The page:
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Capacitance of a system

  1. May 1, 2008 #1
    I'm trying to figure out the capacitance of the attached system.

    may I look at this problem as N capacitors attached in a cascade connenction?

    I'm also trying to figure out the force that will be felt by the point charge.
    I thought about using the image method... could you thing of a better solution? I'm worried it will be very long and frustrating...

    thanks!
     

    Attached Files:

  2. jcsd
  3. May 1, 2008 #2
    Yes, all those are in series. You can replace them by a single capacitance.

    I don't understand the statement "..and can be seen as a point charge Q". Do you mean to say that the charge on the capacitor plate is Q?
     
  4. May 1, 2008 #3
    Thanks very much for the help!

    sorry for the bad explanation.
    what i was told is that the electrode of the capacitor is a point charge Q.
    I guess it means two things:
    1. the charge on the capacitor's upper plate is Q.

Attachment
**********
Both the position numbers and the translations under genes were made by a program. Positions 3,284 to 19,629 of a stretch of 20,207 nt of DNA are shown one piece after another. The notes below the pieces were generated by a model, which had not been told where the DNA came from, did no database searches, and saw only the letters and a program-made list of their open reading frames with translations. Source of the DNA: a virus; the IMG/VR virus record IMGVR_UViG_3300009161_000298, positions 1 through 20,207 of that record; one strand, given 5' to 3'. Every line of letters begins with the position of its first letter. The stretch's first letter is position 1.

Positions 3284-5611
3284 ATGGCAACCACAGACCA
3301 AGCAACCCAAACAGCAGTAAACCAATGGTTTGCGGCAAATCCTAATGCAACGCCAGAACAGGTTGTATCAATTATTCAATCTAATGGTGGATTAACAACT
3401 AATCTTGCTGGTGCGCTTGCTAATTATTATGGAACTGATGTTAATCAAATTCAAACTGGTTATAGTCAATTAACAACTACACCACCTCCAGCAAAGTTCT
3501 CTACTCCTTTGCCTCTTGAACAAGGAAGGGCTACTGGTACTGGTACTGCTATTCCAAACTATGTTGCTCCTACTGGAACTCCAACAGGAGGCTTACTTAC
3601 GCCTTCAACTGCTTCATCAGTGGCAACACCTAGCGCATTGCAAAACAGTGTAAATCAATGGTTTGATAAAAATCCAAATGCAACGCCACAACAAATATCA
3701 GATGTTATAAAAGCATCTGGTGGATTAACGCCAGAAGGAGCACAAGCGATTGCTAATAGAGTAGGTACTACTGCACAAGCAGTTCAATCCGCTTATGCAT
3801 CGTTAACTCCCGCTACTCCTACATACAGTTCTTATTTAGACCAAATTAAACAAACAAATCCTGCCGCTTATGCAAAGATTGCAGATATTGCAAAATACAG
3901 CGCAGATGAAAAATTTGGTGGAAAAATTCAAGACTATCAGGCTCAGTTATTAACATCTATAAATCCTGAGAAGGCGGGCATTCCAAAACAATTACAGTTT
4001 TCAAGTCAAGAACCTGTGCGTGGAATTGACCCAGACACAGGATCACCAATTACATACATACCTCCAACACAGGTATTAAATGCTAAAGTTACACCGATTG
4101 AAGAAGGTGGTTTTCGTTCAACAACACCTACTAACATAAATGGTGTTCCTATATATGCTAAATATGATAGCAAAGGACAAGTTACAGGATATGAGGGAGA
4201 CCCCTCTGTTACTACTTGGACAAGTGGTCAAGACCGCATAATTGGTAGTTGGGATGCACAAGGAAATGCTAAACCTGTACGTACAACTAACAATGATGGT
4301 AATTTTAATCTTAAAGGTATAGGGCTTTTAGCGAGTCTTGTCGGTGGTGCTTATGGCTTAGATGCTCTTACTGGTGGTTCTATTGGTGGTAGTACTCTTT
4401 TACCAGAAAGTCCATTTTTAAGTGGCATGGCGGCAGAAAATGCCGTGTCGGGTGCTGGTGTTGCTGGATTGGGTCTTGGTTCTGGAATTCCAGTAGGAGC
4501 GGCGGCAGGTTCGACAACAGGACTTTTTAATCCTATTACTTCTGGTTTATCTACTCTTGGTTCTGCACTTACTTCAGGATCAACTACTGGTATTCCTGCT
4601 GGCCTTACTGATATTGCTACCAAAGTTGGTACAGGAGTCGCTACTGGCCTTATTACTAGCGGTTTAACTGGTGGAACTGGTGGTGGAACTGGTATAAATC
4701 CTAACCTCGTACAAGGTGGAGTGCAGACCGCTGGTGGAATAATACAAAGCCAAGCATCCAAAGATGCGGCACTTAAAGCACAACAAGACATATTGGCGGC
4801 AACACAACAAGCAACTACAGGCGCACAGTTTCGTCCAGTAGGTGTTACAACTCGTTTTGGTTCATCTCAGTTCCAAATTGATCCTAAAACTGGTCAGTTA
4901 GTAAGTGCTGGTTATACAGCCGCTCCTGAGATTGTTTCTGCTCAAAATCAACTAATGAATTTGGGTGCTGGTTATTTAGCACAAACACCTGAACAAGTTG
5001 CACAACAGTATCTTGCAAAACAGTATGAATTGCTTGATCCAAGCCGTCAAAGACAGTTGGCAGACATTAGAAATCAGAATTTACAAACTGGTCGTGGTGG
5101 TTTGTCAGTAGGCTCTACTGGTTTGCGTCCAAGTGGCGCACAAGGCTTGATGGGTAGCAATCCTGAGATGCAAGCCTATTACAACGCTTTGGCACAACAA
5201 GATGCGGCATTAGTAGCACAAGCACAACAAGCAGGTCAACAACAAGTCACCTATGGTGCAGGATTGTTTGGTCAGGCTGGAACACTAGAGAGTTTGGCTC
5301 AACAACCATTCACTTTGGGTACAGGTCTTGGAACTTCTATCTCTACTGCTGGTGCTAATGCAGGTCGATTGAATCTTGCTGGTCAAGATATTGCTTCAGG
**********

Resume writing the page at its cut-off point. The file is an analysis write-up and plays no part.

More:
2. the capacitor's upper plate is very small on the horizontal axises - which sounds very strange...

    This leads me to my next question:

    could there be a capacitor without two metal plates on its two ends?
    It is not drawn on the picture I got (only N dielectric plates), but maybe I was supposed to assume that they are there...

    Again - thanks very much for the help!
     
  5. May 1, 2008 #4
    Thought about it a little more and I guess what they've ment in the question is that the upper electrode could be considered a point charge when calculating the force it feels...
     
  6. May 3, 2008 #5
    Hey guys!

    I think I've solved it, attached is my solution.

    I have some last little points I would love to understand better:

    1) why is the field D contant though the capacitor? (I've read it in a notebook but could not understand why this is true - they've claimed it is because of the symmetry of the problem...)
    2) In the solution i've calculated E_n using Gauss envelopes, and then saw that D is constant, how can I calculate D directly?
    3) sometimes we write D=eps*E+P and sometimes we ommit P... why is that? how could I explain this?

    thank you very much for the help!
     

    Attached Files:

  7. May 3, 2008 #6

    reilly

    User Avatar
    Science Advisor

    Re 1&2. You have, for all practical purposes done a direct computation.Otherwise, look at the integral for the field, and you'll be direct, and 2, you'll see the important symmetry in action

    Regards,
    Reilly Atkinson
     
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